October 09, 2006
Is IT Virtualization Enough?
Please note that contributed articles, blog entries, and comments posted on MCADcafe.com are the views and opinion of the author and do not necessarily represent the views and opinions of the management and staff of Internet Business Systems and its subsidiary web-sites.
Jeff Rowe - Managing Editor


by Jeff Rowe - Contributing Editor
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The scale and complexity of a growing number of enterprise IT infrastructures now equals or exceeds that of many national telecommunications carriers not that many decades ago, and the breadth of services offered to enterprise "clients" exceeds those offered by carriers to their subscribers — even in the recent past — by a order of magnitude. So said Udi Paret, a Silicon Valley enterprise software executive, at the Dow Jones Datacenter Ventures conference held recently in San Jose, CA. The challenge, then, said Paret, is to come up with a way of managing these massive infrastructures that concentrates on end-to-end service delivery, based upon streamlined, high-level
models, rather than today's focus on individual resources — virtualized or real — on a domain-by-domain basis.


"Today's IT departments are drowning in a sea of details, as they try to cope with the explosive growth of their data centers, and the need for their services to be always available," said Paret, who is president of Fusion Dynamic, Inc. "The recent shift towards virtualization — virtual servers, virtual networks and virtualized storage — is only compounding the problem. Although a needed level of flexibility and dynamism results from being able to represent, re-partition, or combine physical resources into abstract ones, the total number of entities to be managed continues to skyrocket. The focus is simply too tactical; the level of abstraction is too low."


What Paret means is that a business unit manager planning a new e-commerce program, for example, does not think in terms of hard drives, routers, or firewalls — low level abstractions — but in terms of the end-to-end service that needs to be delivered — an abstraction of the highest level. How it is implemented is of no interest. But what service levels are attained, how the service scales and adapts to changing business conditions, what levels of security are attainable — issues like these are crucial.


"Such a professional would like to be able to tell the IT manager: 'Double my capability for daily online sales transactions, I'll sacrifice service levels in self-guided support…' and have the entire data center architecture automatically rework itself," said Paret. "And there's the difficulty. Data centers, even cutting-edge dynamic data centers with virtualized resources throughout, simply do not have this type of service-oriented infrastructure."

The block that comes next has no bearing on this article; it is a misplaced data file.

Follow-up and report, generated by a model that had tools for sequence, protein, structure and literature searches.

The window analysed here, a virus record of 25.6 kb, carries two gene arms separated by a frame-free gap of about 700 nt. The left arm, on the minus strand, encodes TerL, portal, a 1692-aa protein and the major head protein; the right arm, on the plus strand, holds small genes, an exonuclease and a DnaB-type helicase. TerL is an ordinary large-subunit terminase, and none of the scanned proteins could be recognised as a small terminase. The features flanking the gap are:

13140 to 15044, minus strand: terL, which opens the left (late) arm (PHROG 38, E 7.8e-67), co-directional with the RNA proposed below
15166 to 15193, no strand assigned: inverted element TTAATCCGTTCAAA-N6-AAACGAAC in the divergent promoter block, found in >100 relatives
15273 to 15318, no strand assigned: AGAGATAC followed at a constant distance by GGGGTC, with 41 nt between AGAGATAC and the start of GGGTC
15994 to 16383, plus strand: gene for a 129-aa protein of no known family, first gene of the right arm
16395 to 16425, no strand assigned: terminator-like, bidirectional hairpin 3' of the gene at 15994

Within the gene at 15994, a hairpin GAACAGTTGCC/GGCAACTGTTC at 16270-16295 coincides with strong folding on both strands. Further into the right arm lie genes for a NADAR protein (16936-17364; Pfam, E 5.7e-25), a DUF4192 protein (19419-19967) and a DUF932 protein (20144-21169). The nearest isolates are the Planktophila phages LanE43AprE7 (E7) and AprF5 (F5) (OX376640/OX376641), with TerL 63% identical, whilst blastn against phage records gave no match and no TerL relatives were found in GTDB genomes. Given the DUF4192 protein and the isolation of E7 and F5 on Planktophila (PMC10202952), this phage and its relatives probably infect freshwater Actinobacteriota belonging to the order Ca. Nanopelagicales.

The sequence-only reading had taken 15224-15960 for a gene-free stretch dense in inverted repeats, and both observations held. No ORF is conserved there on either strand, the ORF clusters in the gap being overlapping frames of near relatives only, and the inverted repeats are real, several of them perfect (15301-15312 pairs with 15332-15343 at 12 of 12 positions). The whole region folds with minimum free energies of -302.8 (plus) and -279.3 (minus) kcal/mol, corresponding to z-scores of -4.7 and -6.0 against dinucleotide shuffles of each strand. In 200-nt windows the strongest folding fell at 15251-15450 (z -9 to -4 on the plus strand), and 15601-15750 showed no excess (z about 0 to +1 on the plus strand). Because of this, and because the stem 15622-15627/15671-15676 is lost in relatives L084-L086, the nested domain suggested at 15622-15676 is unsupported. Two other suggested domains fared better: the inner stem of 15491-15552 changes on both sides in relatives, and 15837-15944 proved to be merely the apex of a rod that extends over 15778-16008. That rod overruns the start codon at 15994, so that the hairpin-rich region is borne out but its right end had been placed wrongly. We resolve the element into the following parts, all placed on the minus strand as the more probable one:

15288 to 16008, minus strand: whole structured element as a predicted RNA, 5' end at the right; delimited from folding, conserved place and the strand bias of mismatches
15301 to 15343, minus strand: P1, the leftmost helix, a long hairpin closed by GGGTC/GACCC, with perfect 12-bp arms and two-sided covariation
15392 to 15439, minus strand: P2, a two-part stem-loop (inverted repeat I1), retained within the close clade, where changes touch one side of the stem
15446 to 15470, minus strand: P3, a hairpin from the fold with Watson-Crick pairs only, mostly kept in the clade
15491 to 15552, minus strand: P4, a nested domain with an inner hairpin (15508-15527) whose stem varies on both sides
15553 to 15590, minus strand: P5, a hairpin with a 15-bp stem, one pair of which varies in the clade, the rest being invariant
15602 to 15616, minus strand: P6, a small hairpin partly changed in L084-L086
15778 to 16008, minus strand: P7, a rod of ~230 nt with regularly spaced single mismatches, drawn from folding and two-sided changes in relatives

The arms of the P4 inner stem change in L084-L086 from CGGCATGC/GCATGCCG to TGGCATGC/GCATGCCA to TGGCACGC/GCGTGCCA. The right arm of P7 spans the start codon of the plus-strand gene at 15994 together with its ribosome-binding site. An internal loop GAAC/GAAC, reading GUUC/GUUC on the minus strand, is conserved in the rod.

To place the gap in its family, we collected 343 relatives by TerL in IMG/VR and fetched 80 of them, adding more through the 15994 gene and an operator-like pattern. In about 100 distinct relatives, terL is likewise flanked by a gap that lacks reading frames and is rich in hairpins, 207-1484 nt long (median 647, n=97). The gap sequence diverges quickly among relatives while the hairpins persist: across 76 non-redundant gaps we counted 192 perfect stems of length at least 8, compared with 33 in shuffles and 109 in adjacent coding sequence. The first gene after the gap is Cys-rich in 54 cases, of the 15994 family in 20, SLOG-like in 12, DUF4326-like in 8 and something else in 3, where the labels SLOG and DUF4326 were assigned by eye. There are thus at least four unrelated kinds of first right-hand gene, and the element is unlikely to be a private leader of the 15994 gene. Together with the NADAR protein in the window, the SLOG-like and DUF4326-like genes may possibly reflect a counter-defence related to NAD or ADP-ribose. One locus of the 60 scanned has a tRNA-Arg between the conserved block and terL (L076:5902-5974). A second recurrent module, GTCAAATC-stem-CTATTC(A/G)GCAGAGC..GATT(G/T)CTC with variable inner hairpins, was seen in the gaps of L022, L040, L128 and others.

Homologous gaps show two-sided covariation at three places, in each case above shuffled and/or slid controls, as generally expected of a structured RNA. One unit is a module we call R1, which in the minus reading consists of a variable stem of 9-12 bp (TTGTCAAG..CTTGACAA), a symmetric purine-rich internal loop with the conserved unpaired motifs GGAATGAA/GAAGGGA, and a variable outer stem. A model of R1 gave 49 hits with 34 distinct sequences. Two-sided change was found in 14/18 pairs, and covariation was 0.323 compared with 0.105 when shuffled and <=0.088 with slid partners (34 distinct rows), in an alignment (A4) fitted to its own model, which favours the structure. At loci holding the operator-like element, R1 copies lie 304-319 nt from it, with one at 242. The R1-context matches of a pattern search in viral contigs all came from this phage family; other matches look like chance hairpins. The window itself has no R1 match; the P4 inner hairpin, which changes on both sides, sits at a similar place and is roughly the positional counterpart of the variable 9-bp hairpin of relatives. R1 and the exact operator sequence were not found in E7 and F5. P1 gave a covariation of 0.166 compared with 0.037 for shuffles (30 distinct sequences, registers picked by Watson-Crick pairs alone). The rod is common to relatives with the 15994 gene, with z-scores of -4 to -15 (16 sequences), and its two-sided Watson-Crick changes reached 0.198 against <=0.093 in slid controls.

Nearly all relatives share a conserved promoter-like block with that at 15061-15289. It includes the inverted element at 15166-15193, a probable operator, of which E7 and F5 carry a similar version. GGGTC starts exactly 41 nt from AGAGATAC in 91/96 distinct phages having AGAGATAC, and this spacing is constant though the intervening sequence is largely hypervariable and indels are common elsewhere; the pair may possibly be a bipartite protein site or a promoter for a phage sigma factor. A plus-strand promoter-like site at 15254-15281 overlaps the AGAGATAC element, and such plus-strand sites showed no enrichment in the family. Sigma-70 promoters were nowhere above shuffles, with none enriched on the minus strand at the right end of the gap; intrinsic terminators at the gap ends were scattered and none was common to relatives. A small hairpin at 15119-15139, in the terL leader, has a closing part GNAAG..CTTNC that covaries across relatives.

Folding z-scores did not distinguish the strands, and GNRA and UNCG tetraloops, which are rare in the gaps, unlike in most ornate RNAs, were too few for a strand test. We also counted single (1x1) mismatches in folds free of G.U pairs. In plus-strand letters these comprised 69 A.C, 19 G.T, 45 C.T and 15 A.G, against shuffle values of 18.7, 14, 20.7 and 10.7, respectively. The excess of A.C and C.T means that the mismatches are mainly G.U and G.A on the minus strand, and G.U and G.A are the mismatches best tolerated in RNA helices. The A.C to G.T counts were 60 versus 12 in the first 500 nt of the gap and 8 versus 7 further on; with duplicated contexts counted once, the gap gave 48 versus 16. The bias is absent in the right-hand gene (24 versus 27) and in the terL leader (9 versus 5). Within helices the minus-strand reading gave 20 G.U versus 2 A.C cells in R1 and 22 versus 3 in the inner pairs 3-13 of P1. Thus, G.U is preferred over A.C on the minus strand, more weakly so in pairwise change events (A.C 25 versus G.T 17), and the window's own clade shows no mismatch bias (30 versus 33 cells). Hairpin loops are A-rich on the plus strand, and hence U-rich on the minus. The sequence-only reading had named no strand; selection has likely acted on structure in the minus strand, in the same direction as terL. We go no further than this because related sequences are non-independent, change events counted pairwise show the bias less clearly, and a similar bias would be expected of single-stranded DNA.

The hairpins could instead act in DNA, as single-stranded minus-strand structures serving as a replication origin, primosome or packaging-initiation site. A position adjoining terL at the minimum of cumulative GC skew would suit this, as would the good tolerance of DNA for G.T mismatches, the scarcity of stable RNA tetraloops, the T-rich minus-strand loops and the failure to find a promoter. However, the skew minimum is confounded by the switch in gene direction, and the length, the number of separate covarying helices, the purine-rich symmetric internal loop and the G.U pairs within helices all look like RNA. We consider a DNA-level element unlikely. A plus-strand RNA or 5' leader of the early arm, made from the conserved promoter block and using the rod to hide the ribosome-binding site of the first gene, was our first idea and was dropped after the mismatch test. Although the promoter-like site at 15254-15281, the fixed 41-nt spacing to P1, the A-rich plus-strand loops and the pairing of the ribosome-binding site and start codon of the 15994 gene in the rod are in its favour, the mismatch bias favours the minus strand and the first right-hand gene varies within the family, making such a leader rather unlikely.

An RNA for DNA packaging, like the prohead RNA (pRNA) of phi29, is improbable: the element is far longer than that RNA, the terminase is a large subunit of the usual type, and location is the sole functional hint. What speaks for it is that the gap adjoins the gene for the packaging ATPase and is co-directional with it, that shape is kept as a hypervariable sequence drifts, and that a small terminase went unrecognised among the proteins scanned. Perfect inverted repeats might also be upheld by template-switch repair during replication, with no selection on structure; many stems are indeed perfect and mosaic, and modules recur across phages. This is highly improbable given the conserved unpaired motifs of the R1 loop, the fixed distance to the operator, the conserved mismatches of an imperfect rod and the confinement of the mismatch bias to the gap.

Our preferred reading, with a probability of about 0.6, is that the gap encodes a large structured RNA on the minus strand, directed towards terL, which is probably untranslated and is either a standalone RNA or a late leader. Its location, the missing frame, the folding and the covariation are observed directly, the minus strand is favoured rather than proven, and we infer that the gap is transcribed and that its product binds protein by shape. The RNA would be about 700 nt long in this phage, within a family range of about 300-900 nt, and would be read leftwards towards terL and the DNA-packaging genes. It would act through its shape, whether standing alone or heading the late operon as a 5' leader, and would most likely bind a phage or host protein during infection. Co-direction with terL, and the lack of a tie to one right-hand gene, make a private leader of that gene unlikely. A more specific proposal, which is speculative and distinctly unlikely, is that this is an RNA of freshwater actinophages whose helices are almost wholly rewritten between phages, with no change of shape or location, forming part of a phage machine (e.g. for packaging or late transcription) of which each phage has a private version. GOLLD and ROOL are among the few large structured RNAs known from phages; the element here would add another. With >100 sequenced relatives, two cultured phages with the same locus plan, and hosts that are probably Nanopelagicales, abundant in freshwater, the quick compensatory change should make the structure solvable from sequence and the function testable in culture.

Missing: A Data-Center-Wide Operating Environment

What is missing, said Paret, is a sort of "operating system for data centers" that can automatically reallocate hardware, software, systems, connections, etc., in terms of high-level, service-driven objectives, as business conditions change, or response to problems or catastrophes, to keep service at guaranteed levels. Such an automated operating environment would feature dramatically simplified ways of provisioning and managing the data center, with the focus being on processes, rather than on specific components and topologies. Behind the scenes, the operating environment would adroitly manage such components and topologies dynamically, asking attention only when something had
failed — albeit transparently — thanks to the environment's self-healing capabilities.


The crucial difference between Paret's concept of an operating environment, and the historical operating systems — virtual or physical — that control servers, routers, and other components in a data center, is that the operating environment crosses all of the domains and controls them. "The only way you will achieve a true service-oriented infrastructure that delivers substantially improved operating economies; flexibility in design, provisioning, and operations; uncompromising resiliency; and an almost completely hands-off running model," says Paret, "is with a software infrastructure that is aware of — and can essentially control — all of the
relevant resources in a data center, be they applications, servers, storage, networks. This capability uniquely defines the data center 'operating environment.' If you additionally provide it a with a high-level, abstract control structure that is based upon service delivery, then you have achieved a true service oriented infrastructure."


Paret's company, Fusion Dynamic, has recently introduced the world's first dynamic operating environment for data centers that has the potential to transform a classical, resource-focused data center, into a true, service-oriented dynamic data center capable of meeting the most demanding service-level goals.



Commentary

by Jeffrey Rowe, Editor